She closed her eyes when screams and smoke arose from the ruined city.
But she took a deep breath and steeled herself. The time had come to march on the Juka and finish the morning's work. The city and its fortifications would fall quickly. When she looked out at the great fortress, she saw only spare damage to its walls. There was no doubt that sorcery had saved it from the earthquake. With narrowed eyes she thought, I trust that means you're at home, Exodus.
Around her the ranks of the Meer quietly descended the mountainside. So gentle was their step that the treacherous footing posed no danger. The landslides had left behind high slopes of rubble, creating an easy path to the bleak battlefield. The glow of the warriors' enchantments bathed the valley in magical light. The army of insects drew back from the oncoming glare.
The Jukan soldiers, bloodied, disarrayed, poisoned and devastated, greeted the invaders with dauntless ferocity. The two sides clashed in a chorus of war cries. The earth would drink much more blood before the day had ended.
But Dasha did not join the advance Meer companies. Their purpose was to secure a path to the center of the city. Once this was accomplished, the Lore Masters and Matriarchs would enter the valley and cast the final stroke. Master Adranath had prepared an ancient ritual to seal the defeat of the Juka. Once it was performed, the old sorcerer promised, the threat to the Meer would cease.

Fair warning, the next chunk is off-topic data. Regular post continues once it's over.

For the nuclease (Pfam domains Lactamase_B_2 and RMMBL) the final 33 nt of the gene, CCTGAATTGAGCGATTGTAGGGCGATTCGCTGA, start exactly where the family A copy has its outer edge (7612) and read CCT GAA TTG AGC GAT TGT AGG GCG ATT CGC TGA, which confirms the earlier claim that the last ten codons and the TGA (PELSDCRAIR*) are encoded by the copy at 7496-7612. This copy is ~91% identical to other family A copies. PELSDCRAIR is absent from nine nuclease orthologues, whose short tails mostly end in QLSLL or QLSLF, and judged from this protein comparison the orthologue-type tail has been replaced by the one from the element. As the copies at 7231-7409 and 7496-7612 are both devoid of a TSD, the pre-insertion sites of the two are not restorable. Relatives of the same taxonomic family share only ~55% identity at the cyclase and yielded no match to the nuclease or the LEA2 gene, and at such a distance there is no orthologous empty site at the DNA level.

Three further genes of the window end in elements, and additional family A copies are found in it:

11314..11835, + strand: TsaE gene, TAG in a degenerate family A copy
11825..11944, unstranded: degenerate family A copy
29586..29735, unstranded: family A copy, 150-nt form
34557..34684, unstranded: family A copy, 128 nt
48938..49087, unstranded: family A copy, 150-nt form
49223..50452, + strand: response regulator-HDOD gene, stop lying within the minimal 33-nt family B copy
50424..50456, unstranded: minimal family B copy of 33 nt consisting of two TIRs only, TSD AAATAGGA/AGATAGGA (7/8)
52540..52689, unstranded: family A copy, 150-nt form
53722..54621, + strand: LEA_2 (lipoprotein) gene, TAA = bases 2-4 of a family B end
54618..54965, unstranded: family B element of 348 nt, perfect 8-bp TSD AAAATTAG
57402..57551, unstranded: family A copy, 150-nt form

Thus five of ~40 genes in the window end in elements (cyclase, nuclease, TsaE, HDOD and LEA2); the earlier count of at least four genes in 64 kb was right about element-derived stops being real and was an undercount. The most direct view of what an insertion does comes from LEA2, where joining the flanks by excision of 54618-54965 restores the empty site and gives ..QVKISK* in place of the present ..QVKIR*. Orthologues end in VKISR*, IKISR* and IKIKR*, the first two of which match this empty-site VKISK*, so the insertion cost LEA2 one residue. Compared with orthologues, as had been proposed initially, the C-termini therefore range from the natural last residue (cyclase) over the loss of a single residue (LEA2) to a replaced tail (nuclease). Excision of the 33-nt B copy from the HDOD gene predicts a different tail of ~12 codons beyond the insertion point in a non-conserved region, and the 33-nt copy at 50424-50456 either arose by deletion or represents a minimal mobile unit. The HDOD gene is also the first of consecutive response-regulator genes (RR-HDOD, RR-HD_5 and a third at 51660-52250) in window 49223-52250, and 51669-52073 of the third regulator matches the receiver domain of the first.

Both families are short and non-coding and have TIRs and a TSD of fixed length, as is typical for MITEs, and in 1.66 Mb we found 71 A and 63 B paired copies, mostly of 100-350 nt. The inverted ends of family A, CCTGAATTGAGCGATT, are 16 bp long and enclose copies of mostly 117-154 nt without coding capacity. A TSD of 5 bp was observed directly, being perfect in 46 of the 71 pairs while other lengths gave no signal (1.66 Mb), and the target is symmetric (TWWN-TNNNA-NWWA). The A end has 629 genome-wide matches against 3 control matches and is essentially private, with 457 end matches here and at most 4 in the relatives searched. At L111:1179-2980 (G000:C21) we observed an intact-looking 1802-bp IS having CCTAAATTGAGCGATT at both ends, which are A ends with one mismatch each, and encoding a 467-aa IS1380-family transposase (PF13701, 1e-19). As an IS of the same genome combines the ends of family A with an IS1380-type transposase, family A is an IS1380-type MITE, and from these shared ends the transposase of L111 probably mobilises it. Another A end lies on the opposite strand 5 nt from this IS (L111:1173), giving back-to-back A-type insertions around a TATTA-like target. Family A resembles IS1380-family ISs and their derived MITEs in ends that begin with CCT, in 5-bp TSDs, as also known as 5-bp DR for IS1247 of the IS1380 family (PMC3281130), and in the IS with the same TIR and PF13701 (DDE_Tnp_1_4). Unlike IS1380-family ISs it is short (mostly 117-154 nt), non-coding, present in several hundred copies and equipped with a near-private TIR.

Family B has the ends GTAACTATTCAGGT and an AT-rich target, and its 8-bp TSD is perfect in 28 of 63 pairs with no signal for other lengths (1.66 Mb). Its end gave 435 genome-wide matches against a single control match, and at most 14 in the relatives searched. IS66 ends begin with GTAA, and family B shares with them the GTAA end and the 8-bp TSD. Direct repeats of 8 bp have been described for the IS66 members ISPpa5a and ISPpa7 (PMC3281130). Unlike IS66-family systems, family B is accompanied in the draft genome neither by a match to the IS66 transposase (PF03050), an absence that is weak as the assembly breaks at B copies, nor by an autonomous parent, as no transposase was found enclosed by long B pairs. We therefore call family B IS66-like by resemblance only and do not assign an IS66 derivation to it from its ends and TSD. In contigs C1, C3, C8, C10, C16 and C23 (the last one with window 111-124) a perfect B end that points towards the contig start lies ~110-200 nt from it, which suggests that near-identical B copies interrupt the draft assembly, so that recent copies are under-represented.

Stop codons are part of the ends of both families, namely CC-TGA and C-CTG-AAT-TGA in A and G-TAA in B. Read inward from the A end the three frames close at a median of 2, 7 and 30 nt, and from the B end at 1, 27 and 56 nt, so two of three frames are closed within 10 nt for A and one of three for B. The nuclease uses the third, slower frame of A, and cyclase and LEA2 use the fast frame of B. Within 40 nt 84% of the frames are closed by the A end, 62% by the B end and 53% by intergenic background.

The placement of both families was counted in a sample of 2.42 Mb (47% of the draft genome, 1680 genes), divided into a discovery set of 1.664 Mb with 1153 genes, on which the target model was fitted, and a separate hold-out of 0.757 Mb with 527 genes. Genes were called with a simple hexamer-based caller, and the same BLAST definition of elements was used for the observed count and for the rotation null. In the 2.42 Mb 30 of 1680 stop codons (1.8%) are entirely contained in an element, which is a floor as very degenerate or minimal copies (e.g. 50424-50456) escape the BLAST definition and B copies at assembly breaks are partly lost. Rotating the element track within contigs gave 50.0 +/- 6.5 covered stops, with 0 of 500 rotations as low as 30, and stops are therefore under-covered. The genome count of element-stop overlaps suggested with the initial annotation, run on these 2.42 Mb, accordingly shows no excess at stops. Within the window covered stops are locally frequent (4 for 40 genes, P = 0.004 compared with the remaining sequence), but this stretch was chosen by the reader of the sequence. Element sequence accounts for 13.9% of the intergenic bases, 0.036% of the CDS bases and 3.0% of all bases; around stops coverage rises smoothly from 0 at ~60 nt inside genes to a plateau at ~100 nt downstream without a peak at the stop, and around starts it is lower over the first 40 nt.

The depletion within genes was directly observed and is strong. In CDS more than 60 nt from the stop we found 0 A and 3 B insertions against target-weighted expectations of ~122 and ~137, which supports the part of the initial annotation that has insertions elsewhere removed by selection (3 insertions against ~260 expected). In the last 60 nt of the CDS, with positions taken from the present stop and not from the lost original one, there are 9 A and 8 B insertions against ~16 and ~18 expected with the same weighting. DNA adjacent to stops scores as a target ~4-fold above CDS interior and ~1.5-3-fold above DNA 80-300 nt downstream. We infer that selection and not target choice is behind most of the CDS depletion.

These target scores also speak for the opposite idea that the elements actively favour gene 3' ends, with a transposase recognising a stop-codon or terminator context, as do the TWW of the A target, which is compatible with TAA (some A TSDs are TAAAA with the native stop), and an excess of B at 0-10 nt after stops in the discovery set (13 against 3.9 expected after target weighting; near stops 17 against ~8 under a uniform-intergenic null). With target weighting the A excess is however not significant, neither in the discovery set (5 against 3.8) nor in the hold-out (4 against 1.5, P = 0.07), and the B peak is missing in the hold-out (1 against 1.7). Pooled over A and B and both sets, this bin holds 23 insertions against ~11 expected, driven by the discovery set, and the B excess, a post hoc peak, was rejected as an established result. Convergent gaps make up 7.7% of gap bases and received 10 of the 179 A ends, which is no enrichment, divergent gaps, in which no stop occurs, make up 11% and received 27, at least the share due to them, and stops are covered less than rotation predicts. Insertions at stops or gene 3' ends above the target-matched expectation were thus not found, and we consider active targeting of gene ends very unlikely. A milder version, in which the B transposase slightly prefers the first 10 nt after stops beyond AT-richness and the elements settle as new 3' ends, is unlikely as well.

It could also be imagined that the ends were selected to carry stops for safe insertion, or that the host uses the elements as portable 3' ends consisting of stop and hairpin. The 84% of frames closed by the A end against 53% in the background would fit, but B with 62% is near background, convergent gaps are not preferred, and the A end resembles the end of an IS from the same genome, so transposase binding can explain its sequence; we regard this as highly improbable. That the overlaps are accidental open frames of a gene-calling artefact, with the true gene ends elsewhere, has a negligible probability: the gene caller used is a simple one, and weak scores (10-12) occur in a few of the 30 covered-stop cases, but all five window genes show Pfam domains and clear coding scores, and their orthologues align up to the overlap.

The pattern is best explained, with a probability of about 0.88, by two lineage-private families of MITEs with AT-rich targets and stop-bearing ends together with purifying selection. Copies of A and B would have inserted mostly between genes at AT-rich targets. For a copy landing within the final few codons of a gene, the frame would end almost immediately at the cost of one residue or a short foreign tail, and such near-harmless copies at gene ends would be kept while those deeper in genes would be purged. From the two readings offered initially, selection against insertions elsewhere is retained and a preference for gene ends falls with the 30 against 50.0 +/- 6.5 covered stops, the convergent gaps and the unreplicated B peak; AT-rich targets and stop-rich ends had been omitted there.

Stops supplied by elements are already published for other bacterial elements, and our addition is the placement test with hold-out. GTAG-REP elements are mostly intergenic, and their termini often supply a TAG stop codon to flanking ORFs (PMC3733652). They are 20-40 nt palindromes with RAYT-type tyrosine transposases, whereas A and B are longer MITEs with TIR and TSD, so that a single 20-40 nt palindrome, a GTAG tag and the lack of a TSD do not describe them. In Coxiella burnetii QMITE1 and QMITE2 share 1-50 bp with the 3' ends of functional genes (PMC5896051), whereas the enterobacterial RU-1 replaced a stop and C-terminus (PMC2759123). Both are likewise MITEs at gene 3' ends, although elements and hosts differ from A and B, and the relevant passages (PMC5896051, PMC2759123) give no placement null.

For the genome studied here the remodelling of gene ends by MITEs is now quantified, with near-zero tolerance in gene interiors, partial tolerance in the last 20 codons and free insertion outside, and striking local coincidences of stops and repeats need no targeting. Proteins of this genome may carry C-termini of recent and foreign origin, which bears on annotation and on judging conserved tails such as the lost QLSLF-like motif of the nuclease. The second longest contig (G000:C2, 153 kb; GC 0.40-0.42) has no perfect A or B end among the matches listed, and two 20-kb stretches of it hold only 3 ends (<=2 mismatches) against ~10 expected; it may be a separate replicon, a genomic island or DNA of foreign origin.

Dasha thought better of the Juka than Adranath did. She would not see them destroyed forever. One last time she brought her case before the wizard, as he watched the battle from a high-flung ledge. With a bow she murmured, "Venerable Master, I beg you. Please delay your spell until I have reached Exodus. If we remove his influence, I am confident the Juka will return to their proper role."
The old man grunted. "Today shall witness the end of the Juka."
"They have already been punished. Surely they deserve to be freed from Exodus's control, to heal and reflect. The balance between the races --"
"We have been decimated! The old balance has ceased to exist. All that remains is revenge."
She lowered her tone. "I must respectfully disagree."
He opened a grimace that chilled her. "Your eyes betray your prejudice. You believe that my mind is addled, that old age has sapped my wisdom. But let me tell you the nature of age, Captain Dasha. Wisdom is an artifact of experience. Wisdom respects the inevitability of change. But the young know only established orders and customs, and so you are reluctant to accept change. This is why the young are trapped in the cycle of reincarnation. Your spirits are not yet confident enough to stand on their own." He regarded her with a disapproving sigh. "You must let go of the past. The Juka are not who they once were. Neither are we. Today the old order is finished."
She had no answer for the ancient wizard, yet her convictions remained. The Juka were not irredeemable. If she was simply being young and stubborn, the ancestors must judge her accordingly. She conjured the strength to match Adranath's gaze and said, "I shall try to reach Exodus unless you command me otherwise. If I have to do it before you cast your spell, then I respectfully ask to be on my way."
The grey-furred master twitched his ears. With a frown he muttered, "Do what you must, child. The passing of your soul will be sorrowful indeed. You might have been a great leader, in time."
"I shall yet be, Master."